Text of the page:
Background/Introduction

Previous literature has demonstrated that workers' compensation (WC) patients may have significantly diminished postoperative improvement compared to the general population. Increased levels of arbitration can significantly contribute to delays in treatment for this population, but it is not clear how this may affect outcomes of spinal surgery. We aim to assess the impact of time to surgery in workers' compensation patients undergoing minimally invasive transforaminal lumbar interbody fusion (MIS TLIF).

Materials/Methods

WC patients undergoing primary, single-level MIS TLIF were identified. Time to surgery (TTS) and duration of symptoms (DOS) were defined. PROMs were administered at preoperative/6-week/12-week/6-month postoperative timepoints and included Visual Analogue Scale (VAS) back, VAS leg, Oswestry Disability Index (ODI), and 12-Item Short Form (SF-12) physical composite score (PCS) and mental composite score (MCS). Patients were grouped by TTS: <90 days, 90-179 days, ≥180 days. Demographics were compared by chi squared test. Perioperative characteristics, mean PROMs, and postoperative improvement (ΔPROM) were compared using one-way ANOVA. MCID achievement rates were calculated with simple logistic regression. A secondary analysis was performed by grouping patients by DOS: <180 days, 180-364 days, ≥365 days. Mean PROMs, ΔPROMs, and MCID achievement were similarly compared between DOS groups using one-way ANOVA and logistic regression.

Results

193 patients were included. Prevalence of HNP and initial appointment type were significantly associated with TTS (p < 0.042, all). No significant differences in mean PROMs or ΔPROMs were observed among TTS groups (Table 1). MCID achievement was significantly lower for VAS back at 6-months in the longest TTS group (p = 0.018). Mean PROM scores were significantly different based on DOS for VAS leg at 6-weeks only (p = 0.029). MCID achievement was significantly lower for the longest DOS group for VAS leg at 6-months only (p = 0.043). ΔPROM did not significantly differ among DOS groups .

Discussion/Conclusion

Overall, neither TTS nor DOS was significantly associated with outcomes of MIS TLIF for WC patients. These results indicate that WC patients may be able to achieve similar levels of clinical improvement despite longer symptom burden and substantial delays in operative treatment.

Poster 09. ALIF As a Salvage Procedure for TLIF Pseudarthrosis: A clinical outcome study

Patel Madhav, BS1, Jacob Kevin, BS1, Cha Elliot, MS1, Lynch Conor, MS1, Prabhu Michael, BS1, Pawlowski Hanna, BS1, Vanjani Nisheka, BS1, Singh Kern, MD1

1 Rush University Medical Center, Chicago, Illinois, United States

Background/Introduction

Clinically relevant pseudoarthrosis is not uncommon following minimally invasive transforaminal lumbar interbody fusion (MIS- TLIF). Few studies, however, have characterized the clinical efficacy of salvage procedures undertaken for this indication. We aim to characterize clinical outcomes following anterior lumbar interbody fusion (ALIF) as a salvage procedure for pseudarthrosis of (TLIF).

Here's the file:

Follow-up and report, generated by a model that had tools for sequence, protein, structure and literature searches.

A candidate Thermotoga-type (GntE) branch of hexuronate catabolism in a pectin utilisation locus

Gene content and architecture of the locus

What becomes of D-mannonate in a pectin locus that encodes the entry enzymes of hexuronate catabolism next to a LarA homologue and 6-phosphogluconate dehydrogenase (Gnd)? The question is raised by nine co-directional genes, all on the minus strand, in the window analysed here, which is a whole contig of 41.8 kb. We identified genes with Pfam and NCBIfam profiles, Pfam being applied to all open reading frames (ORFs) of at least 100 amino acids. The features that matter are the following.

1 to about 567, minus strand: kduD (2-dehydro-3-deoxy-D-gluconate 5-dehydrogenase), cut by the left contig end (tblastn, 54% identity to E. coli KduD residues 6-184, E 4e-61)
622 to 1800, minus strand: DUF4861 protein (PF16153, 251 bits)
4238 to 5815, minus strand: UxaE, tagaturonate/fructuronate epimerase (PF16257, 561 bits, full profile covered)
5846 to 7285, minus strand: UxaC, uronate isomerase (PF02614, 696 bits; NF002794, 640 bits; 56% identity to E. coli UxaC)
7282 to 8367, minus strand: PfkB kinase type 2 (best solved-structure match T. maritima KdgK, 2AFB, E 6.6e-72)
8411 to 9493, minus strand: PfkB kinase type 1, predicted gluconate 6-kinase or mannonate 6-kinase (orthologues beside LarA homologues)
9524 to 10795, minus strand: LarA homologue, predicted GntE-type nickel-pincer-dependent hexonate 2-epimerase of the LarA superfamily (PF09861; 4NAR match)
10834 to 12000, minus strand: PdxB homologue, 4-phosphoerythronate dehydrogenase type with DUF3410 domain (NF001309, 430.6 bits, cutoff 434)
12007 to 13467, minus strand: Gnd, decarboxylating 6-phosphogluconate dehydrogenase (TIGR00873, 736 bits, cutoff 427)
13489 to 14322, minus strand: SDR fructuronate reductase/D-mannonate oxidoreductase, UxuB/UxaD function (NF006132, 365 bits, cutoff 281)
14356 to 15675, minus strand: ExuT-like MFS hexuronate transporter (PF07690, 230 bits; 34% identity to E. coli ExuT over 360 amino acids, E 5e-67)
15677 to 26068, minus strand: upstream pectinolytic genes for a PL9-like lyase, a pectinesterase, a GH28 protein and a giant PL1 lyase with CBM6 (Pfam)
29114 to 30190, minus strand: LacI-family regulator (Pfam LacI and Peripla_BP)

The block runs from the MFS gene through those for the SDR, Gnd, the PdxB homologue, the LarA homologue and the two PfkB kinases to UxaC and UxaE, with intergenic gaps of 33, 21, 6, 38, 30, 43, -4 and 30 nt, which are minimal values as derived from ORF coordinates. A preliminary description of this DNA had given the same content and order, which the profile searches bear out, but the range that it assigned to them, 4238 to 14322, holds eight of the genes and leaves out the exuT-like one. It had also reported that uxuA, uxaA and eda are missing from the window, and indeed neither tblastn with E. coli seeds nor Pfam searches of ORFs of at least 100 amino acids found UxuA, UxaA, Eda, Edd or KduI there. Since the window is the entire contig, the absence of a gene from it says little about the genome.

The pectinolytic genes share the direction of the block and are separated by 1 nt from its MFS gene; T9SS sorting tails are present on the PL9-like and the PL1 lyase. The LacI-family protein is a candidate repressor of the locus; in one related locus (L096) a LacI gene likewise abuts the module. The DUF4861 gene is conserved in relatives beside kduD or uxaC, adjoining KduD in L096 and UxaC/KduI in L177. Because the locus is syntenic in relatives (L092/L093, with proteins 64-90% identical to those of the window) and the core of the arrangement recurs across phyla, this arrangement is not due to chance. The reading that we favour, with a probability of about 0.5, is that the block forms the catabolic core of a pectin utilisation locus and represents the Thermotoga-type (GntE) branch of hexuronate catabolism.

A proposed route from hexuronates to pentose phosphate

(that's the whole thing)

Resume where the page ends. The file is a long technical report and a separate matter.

Materials/Methods

A retrospective review of a surgical database was performed for eligible procedures between 2010 and 2020. Time to revision, rates of 1-year arthrodesis, 6-month pseudarthrosis, and postoperative complications were calculated. Visual Analogue Scale (VAS), Oswestry Disability Index (ODI), 12-Item Short Form physical composite score (SF-12 PCS and VR-12 PCS) were collected preoperatively and postoperatively. Radiographic measurements were performed to evaluate sagittal alignment and disc height at the preoperative, and postoperative timepoints. Differences between preoperative and final postoperative radiographic measurements were evaluated using a t-test. Overall achievement of a minimum clinically important difference (MCID) was calculated using established values.

Results

34 patients met final inclusion criteria. Mean time from index TLIF to salvage ALIF procedure was 21.3 months. Patients demonstrated a 1-year arthrodesis rate of 100.0% with 2/34 patients requiring an additional revision procedure at the index level for neuroforaminal bone growth. A total of 6 postoperative complications were observed with 1 patient suffering from a mild urinary tract infection, 1 with acute renal failure, 1 with a venous thromboembolism, 1 with altered mental status, and 2 with fever of unknown origin. Following ALIF salvage, a significant increase in segmental lordosis, mean anterior and posterior disc height, and average disc height was noted (p≤0.037,all). MCID achievement rates by 1-year were 67.1% for VAS back, 57.1% for VAS leg, 40.0% for ODI, and 37.5% for SF-12 PCS.(Table 1).

Discussion/Conclusion

Use of ALIF as a salvage procedure at either the L4-5 or L5-S1 level for TLIF pseudoarthrosis demonstrated a high arthrodesis rate at 1-year. Patients demonstrated high rates of MCID achievement for back pain, leg pain, and disability.

Poster 10. Clinical and Radiographic Outcomes after Bracing for Acute to Subacute Thoracic and Lumbar Compression Fractures: A Meta-Analysis of Randomized Controlled Trials

Squires Mathieu, MD1, Green Jordan, MD1, Patel Rakesh, MD1, Aleem Ilyas, MD1

1 University of Michigan, Ann Arbor, Michigan, United States

Background/Introduction